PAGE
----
An energizing yoga practice portrayed by lively and diverse characters that should inspire multiple readings.

GOOD MORNING YOGA

A POSE-BY-POSE WAKE UP STORY

Morning yoga stretches for children to wake them up and launch their days.

After helping young readers gently end their days in Good Night Yoga (2015), Gates and Hinder return with a salutation for their mornings. Written in first person, the book has two sets of text that can be read separately or in tandem. The rhyming lines in bold describe the primary concepts behind the book’s 12 poses. A red-haired white girl imagines herself as a fiery volcano to illustrate a salutation pose. A brown-skinned boy prepares to ski jump in a variation of a mountain pose. Each pose is accompanied by italicized text that acts as both instruction and an affirmation. The soothing repetition encourages readers to focus on their breathing as they move through their morning stretches. Hinder’s playful illustrations animate Gates’ descriptions and affirmations. Each character fully embodies his or her pose as if ready to leap off the page. The balance of bold and soft colors mirrors the energizing yet focused movements of the stretches. Young readers will easily see themselves in one of the many diverse children in the book. Also included are a recap of the poses with short instructions and a guided visualization that adults can read to children.

An energizing yoga practice portrayed by lively and diverse characters that should inspire multiple readings. (Informational picture book. 3-8)

Pub Date: March 1, 2016

ISBN: 978-1-62203-602-8

Page Count: 36

Publisher: Sounds True

Review Posted Online: Jan. 10, 2016

Kirkus Reviews Issue: Jan. 15, 2016

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PIRATES DON'T TAKE BATHS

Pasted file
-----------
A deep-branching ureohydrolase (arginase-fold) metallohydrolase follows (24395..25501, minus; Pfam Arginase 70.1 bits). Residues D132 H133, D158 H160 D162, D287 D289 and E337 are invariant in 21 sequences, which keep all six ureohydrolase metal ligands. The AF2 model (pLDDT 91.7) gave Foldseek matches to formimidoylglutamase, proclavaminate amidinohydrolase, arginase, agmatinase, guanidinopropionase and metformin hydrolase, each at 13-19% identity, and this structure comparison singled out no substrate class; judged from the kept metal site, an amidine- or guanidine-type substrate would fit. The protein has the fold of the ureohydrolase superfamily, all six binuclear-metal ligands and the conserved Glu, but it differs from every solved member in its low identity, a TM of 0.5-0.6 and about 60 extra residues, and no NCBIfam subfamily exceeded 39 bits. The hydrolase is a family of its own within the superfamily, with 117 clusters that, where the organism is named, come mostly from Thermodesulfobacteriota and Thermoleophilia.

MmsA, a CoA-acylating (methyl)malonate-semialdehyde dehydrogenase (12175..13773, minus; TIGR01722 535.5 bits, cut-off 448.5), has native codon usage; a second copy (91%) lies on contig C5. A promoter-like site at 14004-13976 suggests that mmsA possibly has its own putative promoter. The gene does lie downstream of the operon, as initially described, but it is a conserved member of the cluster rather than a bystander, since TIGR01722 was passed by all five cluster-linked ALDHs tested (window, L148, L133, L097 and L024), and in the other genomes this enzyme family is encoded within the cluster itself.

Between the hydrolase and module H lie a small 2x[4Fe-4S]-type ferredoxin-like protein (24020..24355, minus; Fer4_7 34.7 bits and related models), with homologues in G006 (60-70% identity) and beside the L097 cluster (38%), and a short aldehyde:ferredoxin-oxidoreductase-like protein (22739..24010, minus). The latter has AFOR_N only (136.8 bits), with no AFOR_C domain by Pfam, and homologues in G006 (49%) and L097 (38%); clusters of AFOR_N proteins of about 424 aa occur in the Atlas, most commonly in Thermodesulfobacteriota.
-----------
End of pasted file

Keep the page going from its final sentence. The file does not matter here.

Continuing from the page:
Echoes of Runaway Bunny color this exchange between a bath-averse piglet and his patient mother. Using a strategy that would probably be a nonstarter in real life, the mother deflects her stubborn offspring’s string of bath-free occupational conceits with appeals to reason: “Pirates NEVER EVER take baths!” “Pirates don’t get seasick either. But you do.” “Yeesh. I’m an astronaut, okay?” “Well, it is hard to bathe in zero gravity. It’s hard to poop and pee in zero gravity too!” And so on, until Mom’s enticing promise of treasure in the deep sea persuades her little Treasure Hunter to take a dive. Chunky figures surrounded by lots of bright white space in Segal’s minimally detailed watercolors keep the visuals as simple as the plotline. The language isn’t quite as basic, though, and as it rendered entirely in dialogue—Mother Pig’s lines are italicized—adult readers will have to work hard at their vocal characterizations for it to make any sense. Moreover, younger audiences (any audiences, come to that) may wonder what the piggy’s watery closing “EUREKA!!!” is all about too. Not particularly persuasive, but this might coax a few young porkers to get their trotters into the tub. (Picture book. 4-6)

Pub Date: March 1, 2011

ISBN: 978-0-399-25425-3

Page Count: 32

Publisher: Philomel

Review Posted Online: Jan. 26, 2011

Kirkus Reviews Issue: Feb. 1, 2011

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Whether they’re counting scores of peas, enjoying the rhymes and puns or relishing the funny visual quirks, families are...

1-2-3 PEAS

After an alphabetical, rhyming tour de force (LMNO Peas, 2010), Baker’s energetic pea pack is back—this time, to count by ones and 10s.

Baker sidesteps the trickiness of rhyming the numerals by selecting a repeating word for each short verse. “ONE pea searching—look, look, look, / TWO peas fishing—hook, hook, hook.” Those numerals rise sky-high (to peas, at least) to dominate the digitally composed visuals, often serving as props for the frenzy of vegetative activity. At “TEN peas building—pound, pound, pound,” the peas erect a wooden platform around the numeral—mainly, it would seem, as an excuse for exuberantly hammering dozens of nails. Baker circumvents those oft-pesky ’teens in one deft double-page spread: “Eleven to nineteen—skip, skip, skip!” Then it’s a double-page spread per decade, with peas traveling, napping, watching fireworks and more. “SEVENTY peas singing” provide a bevy of details to spy: A fab foursome (the Peatles) rocks out above a chorus and director. Nearby, a barbershop quartet, a Wagnerian soloist, a showering pea and a dancing “Peayoncé” add to the fun. 

Whether they’re counting scores of peas, enjoying the rhymes and puns or relishing the funny visual quirks, families are sure to devour Baker’s latest winner. Totally ap-pea-ling! (Picture book. 3-7)

Pub Date: July 24, 2012

ISBN: 978-1-4424-4551-2

Page Count: 40

Publisher: Beach Lane/Simon & Schuster

Review Posted Online: May 30, 2012

Kirkus Reviews Issue: June 15, 2012

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